Conjugation in German is harder than in English but still less complex than in the Romance languages. Nearly all the time ich (“I”) has an -e ending, du (“you”) has an -st ending, “he/she/it” has a -t ending, and “we/they” has an -en. Even so, to give your sentences more versatility, it’s still very useful to learn modal verbs first. There are six modal verbs (dürfen, mögen, sollen, können, müssen, wollen), all of which are irregular, but I got more mileage out of focusing on the following ones first:
können: to be able, can
ich/er/sie kann: I/he/she can
wir/sie können: we/you (polite) can
mögen: would like to
ich/er/sie möchte: I/he/she would like to
wir/sie möchten: we/you (polite) would like to
müssen: have to, must
ich/er/sie muss: I/he/she have/has to
wir/sie müssen: we/you (polite) has/have to
wollen: to want
ich/er/sie will: I/he/she wants
wir/sie wollen: we/you (polite) want
Add -st to the first form of each of these to get the informal “you,” or just -t if it already ends in s.
For many more tips on German, check out fi3m.com/german.
While I certainly can’t speak for mastering Slavic languages, I have experience reaching the conversational level in Czech. I’ve also dabbled in other Slavic languages, like Polish, and I understand rudimentary Russian. Some of the tips in the following paragraphs may also apply to other Slavic languages, including Slovakian, Ukrainian, and Serbo-Croatian.
The most intimidating aspect when you start to learn these languages tends to be grammar. Each language features many grammatical cases, which makes it seem as though you have to learn six or seven different versions of each word—or twelve or fourteen, when you include plural forms.
These are, however, usually predictable changes to the ends of words. Rather than learning the rules, you’ll get used to them with enough exposure. I actually got by quite well using the basic dictionary (nominative) forms of words as a beginner and people continued to understand me, and I slowly expanded on that. As with all languages, it’s okay to utter a few mistakes—native speakers are very forgiving.
It’s common to overlook aspects of these languages that can make them much easier to learn. They are almost always very phonetic, once again with consistent spelling and pronunciation rules (compared to English’s mess of words, like though, through, plough, dough, cough). When you see a word, you know precisely how it should be pronounced, and vice versa, whether with those that use Latin script or those that use Cyrillic, such as Russian.
Slavic languages may not offer the same similar-words advantage the Romance or Germanic languages do when it comes to learning new vocabulary, but they do tend to be very logically consistent in how they construct words. This means that when you learn a manageable set of prepositions and prefixes plus word roots, you can discover a lot of new words.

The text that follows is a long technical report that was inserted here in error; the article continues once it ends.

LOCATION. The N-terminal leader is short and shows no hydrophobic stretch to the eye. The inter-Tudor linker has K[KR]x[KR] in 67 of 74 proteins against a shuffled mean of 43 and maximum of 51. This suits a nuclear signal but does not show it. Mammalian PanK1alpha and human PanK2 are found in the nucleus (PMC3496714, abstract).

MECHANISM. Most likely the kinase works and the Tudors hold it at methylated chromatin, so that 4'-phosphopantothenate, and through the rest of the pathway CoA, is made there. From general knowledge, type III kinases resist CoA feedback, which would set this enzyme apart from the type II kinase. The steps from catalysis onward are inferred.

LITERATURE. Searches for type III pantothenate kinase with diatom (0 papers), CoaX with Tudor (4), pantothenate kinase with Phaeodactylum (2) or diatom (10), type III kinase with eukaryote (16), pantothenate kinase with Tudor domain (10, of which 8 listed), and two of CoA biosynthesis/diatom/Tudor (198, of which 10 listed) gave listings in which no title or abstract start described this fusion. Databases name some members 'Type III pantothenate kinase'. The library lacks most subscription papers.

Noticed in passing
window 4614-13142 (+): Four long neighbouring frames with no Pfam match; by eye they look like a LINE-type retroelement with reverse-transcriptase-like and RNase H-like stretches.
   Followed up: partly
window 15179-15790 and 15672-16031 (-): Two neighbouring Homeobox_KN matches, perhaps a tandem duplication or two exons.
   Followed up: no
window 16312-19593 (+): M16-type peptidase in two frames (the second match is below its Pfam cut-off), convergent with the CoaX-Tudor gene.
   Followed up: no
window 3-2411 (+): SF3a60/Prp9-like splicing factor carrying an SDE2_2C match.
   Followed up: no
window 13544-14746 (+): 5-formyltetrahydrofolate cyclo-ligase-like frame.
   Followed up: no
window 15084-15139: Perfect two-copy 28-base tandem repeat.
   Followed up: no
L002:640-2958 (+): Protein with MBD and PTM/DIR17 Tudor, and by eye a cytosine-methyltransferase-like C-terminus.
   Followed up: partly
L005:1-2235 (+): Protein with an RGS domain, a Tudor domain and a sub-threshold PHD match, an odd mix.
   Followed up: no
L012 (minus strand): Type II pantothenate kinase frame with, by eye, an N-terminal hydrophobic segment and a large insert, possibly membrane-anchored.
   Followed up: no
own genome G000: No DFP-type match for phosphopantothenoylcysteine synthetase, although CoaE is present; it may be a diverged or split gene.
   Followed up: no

For instance, let’s take the four prefixes in Czech: v, vy, od, and za. In their prefix form, add them to a word root—the central part of a word—chod, for instance, which is related to the verb chodit (“to go”). By itself, and as a prefix in many verbs, v means “in,” so for “go in” you have vchod, which means “entrance”! Vý/vy doesn’t exist by itself in this context, but it means the opposite, and you have “exit”: východ. Od by itself means “from,” so what do you think a “from-go” thing would be? A “departure”: odchod!
It isn’t always this logical, but you can create a small story in your head for when it isn’t, to help you remember the meaning of a word. Záchod, for instance, is “toilet” in Czech. The prefix-preposition za tends to mean “behind” or “off,” so I imagined excusing myself and “leaving” where I was to go to the bathroom.
Ultimately, if you understand even vaguely the meanings associated with the prefixes do, na, nad(e), ne, o(b), od(e), pa, po, popo, pod, pro, pře, před, při, roz, s(e), spolu, u, v(e), vy, vz, z, and za, then you have the building blocks to form many words and understand what words mean the first time you see them. While these examples are in Czech, you will find the methods can be applied similarly to other Slavic languages.
This verb chtít (“to want”) can be among the more useful ones in forming sentences while being able to use its dictionary form:
chtít: to want
chci: I want
chce: he/she/it wants
chceme: we want
You can also take this verb and use the conditional tense conjugation to express “would like” by adding chtěl before the conditional mood, which is simply: bych (“I would”), bys (“you would”), by (“he/she/it would”), bychom (“we would”), byste (“you [plural] would”), by (“they would”). This conditional can be added after any verb in its dictionary form, if making it conditional would help you simplify your sentence in some way.
Other modal verbs worth learning the conjugation of include moct (to be able, can), umět (to know how), muset (must, have to), smět (be allowed to), and mít (to have to).
Having reached a conversational (lower intermediate, B1) level in Egyptian Arabic, I would recommend that those with a spoken focus choose a specific Arabic dialect they have a preference for based on the country they would like to visit most.